A Tribute To The Sheds

Aircraft Storage 1932 - 1938

Housing returning soldiers from the Dunkirk evacuation in 1940

Dunkirk evacuation

British soldiers waiting to be rescued on the

beach at Dunkirk in May 1940.

Barrage balloons, inflatable tanks, dinghies 1939 onwards....

Today

This newspaper snippet is part of a front page article describing a Home Day at RAF Cardington in September 1945 and illustrates the type of work that was carried out in Shed No 1 during wartime.

Indeed this type of work was to continue in the Sheds for many years after the war. Thousands of balloons were made at Cardington or sent there for repairs and testing. The Balloon Unit itself remained on the site until 1966.

Eye Witness report

Phil Collins received his call up papers in 1958. Here is an extract from his memories of Cardington when he first encountered the sheds:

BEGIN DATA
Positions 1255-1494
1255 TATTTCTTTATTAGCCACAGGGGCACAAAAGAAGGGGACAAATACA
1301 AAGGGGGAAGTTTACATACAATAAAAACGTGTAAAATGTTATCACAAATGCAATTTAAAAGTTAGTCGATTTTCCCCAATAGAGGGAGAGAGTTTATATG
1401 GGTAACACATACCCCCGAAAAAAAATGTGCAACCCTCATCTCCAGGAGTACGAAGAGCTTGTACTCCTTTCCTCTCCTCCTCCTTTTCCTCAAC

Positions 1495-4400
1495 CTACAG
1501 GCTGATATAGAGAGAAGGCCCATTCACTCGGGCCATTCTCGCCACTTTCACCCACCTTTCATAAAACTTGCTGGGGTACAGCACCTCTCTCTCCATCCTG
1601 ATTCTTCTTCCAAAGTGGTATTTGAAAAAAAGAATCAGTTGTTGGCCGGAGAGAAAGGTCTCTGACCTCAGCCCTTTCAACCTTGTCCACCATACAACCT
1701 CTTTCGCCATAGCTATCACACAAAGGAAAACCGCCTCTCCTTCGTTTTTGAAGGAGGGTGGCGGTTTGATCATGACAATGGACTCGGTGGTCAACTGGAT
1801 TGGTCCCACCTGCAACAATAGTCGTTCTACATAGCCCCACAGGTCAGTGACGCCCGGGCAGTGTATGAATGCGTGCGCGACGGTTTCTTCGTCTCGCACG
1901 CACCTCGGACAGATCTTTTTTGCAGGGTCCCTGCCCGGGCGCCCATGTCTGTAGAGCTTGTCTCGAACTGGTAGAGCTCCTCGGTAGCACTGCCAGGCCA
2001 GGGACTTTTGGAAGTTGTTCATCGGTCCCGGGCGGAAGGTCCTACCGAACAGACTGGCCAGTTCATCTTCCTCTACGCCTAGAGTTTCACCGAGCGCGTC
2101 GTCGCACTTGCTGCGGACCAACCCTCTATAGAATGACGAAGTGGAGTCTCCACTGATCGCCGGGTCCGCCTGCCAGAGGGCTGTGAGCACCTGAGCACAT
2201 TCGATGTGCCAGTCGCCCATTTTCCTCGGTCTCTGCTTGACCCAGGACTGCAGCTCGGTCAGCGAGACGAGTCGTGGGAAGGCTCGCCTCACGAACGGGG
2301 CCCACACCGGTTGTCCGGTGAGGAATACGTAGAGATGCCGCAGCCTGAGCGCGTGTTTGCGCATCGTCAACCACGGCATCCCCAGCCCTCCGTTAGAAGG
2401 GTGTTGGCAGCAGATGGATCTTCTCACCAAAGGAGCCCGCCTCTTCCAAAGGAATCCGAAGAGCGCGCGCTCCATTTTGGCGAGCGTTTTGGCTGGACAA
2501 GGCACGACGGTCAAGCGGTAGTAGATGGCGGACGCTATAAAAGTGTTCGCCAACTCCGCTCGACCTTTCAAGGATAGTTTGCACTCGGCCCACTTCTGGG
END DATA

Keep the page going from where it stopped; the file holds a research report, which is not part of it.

" I remember one job which several of us were given to do probably the day before we were moved out to square bashing camp was to go out and push in off the sports field the cricket sight screens. They were to be put inside one of the large balloon sheds, which even now to me are an amazing size and sight. We got the screens to the doors of one of the two hangers and we wondered how on earth the doors could be opened? We soon found out when an N.C.O. turned a handle on a machine attached to one of the two doors to the shed and pressed a switch and with a groaning and rumbling noise this massive door moved on what seemed like railway lines several feet, just enough to push the screens inside. The view inside was amazing, I had never seen such massive indoor space in my life before, it still even now seems marvellous. It appeared that the whole M.T. section was parked inside, they looked like a set of dinky toys such was the size of the building." (Phil Collins RAF Cardington 1958)